SP Kennel is a premier sled dog racing kennel in Two Rivers, Alaska, dedicated to the individual dog through excellent health, nutrition, training and specialized care.

Thursday, December 5, 2013

Traffic on the Trail

Two Rivers, Alaska has no lack of dog mushers. There are many dog teams out enjoying the trails. Some mushers wear their serious "game face" and are training for races whereas other teams are just out for fun. Whatever the intent of the musher we all share the trails.

I started thinking a lot about traffic on the trail when I came out of the kennel yesterday and in the first two minutes we passed a sprint team training with an ATV 4-Wheeler and a Siberian/Malamute team training with a sled. Both were generally good passes. Then I thought, people might not realize how dog team actually pass. So, here it is:

When one dog team passes another there is a general "protocol".

  1. When the teams are coming from opposite directions, it is best if both teams keep moving. That way the dogs don't have a chance to mess around or "visit".
  2. While passing, the dogs can share the trail, but the sled or ATV 4-Wheeler must try to get off to the side so as not to interfere with the dogs.
  3. When one team is faster than another and it comes up from behind, the slower team is expected to stop or at least slow down in order to let the faster team pass.
  4. Dogs are supposed to mind their manners. "Alligator" dogs are not looked on very highly in a community like Two Rivers where your prized Lead Dog is worth more than your neighbor's car.
Some training runs we will see no other dog teams but other times we will pass two or three. Some passes go well and some don't. Generally, you try to expect the unexpected - which is challenging.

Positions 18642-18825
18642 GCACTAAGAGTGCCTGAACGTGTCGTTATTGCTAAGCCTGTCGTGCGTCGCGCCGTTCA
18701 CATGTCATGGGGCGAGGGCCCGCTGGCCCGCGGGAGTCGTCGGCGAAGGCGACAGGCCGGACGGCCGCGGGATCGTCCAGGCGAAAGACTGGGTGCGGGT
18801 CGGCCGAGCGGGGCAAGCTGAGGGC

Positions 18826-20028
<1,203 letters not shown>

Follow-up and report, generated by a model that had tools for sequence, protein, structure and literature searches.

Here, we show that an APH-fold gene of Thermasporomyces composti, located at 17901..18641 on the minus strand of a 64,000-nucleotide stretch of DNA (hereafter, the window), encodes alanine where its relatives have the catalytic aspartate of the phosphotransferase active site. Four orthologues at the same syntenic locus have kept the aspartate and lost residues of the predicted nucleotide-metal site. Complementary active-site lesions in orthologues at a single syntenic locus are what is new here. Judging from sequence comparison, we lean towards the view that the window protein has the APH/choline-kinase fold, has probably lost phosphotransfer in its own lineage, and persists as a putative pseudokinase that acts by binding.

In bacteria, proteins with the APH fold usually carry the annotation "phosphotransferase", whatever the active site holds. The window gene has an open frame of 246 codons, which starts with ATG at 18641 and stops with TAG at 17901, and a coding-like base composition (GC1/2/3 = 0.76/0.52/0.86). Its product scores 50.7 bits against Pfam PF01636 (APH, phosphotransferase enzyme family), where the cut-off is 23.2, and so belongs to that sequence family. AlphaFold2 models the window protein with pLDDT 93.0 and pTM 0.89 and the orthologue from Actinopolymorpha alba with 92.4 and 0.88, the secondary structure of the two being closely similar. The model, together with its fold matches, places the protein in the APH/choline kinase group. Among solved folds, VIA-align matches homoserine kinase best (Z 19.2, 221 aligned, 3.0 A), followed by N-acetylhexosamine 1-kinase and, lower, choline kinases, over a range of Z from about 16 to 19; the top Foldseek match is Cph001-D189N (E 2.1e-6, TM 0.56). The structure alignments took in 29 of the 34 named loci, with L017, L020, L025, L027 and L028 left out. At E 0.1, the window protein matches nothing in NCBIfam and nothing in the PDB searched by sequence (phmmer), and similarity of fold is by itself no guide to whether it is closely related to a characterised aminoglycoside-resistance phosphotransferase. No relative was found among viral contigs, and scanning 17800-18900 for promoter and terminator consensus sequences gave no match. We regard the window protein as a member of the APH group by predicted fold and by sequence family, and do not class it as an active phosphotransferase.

Here is a video that I took just the other night. Allen, Meghan and I were all out on a similar training run but we had left the kennel at varying time intervals. I passed Allen twice and Meghan once and was able to get one good video. My camera doesn't always focus when there is a lack of light. (Sorry... there is generally a lack of light much of the time while training in winter at night.)


Connie loveall said...

Wow!! That was some good video. Kind of gave me the chills when they passed… Thanks so much for sharing..

Nessmuk said...

That was cool....your dogs are so focused....all it took was a "straight ahead" request from you and smooth passing! Wow!! Good manners are surely a must too in such close proximity!! I'm VERY impressed!!!

Dawn E said...

Love these videos. THANK YOU

Anonymous said...

Nice pass.

Anonymous said...

Awesome!!! The team just kept to their knitting!

And yes, I could see enough to be able make out the whole thing and the swift "pass." The SP dogs are pros!!!

Woof! Woof!

Dennis Nielsen-Wisconsin said...

All I can say is; WOW!! Thank you so much for that footage!

Anonymous said...

WOW! WOW! that was so cool Aliy!
Thanks, good dogs! Virtual passing.
Padee Santa Rosa CA

Marilyn Cozzens said...

What a cool video, Aliy. And a excellent explanation of passing on the trail. Thanks so much.

Anonymous said...

Thanks so much for this (no pun intended) inSIGHTful nighttime video of dog teams passing!!!

I forget that in Alaska winter Solstice (officially to come Dec. 21 for the race of the same name) means there are only about 4 sunlight hours in the day in December. How awesome that the sunlight-darkness hours are the most similar in Fairbanks and Nome (and I'll bet they are precisely the same in...Two Rivers).

The dogs probably knew that already!!!


YoLynn said...

Boondocks in lead! She did good!!! I'm so proud of her! As her sponsor I'm a little partial but I love all the SP Kennel dogs. They are such good dogs and real pros.

Lourdes, VT said...

Those dogs of yours are so very well behaved!!! They are Angels of the Trail!!! Great video! Loved to see Mr. Tatfish on wheel! Go Tatfish!!!! :) ... and all the rest of the beautiful pups!!!

Linda Toth said...

If they are worth more than a car, then I guess the offspring from Quito, Olivia, and ChaCha are your insurance policies, right?

Analogy doesn't follow through, unfortunately, since replacing a car is very easy. But, thinking of it that way kept my mind from fretting for a whole minute, at least.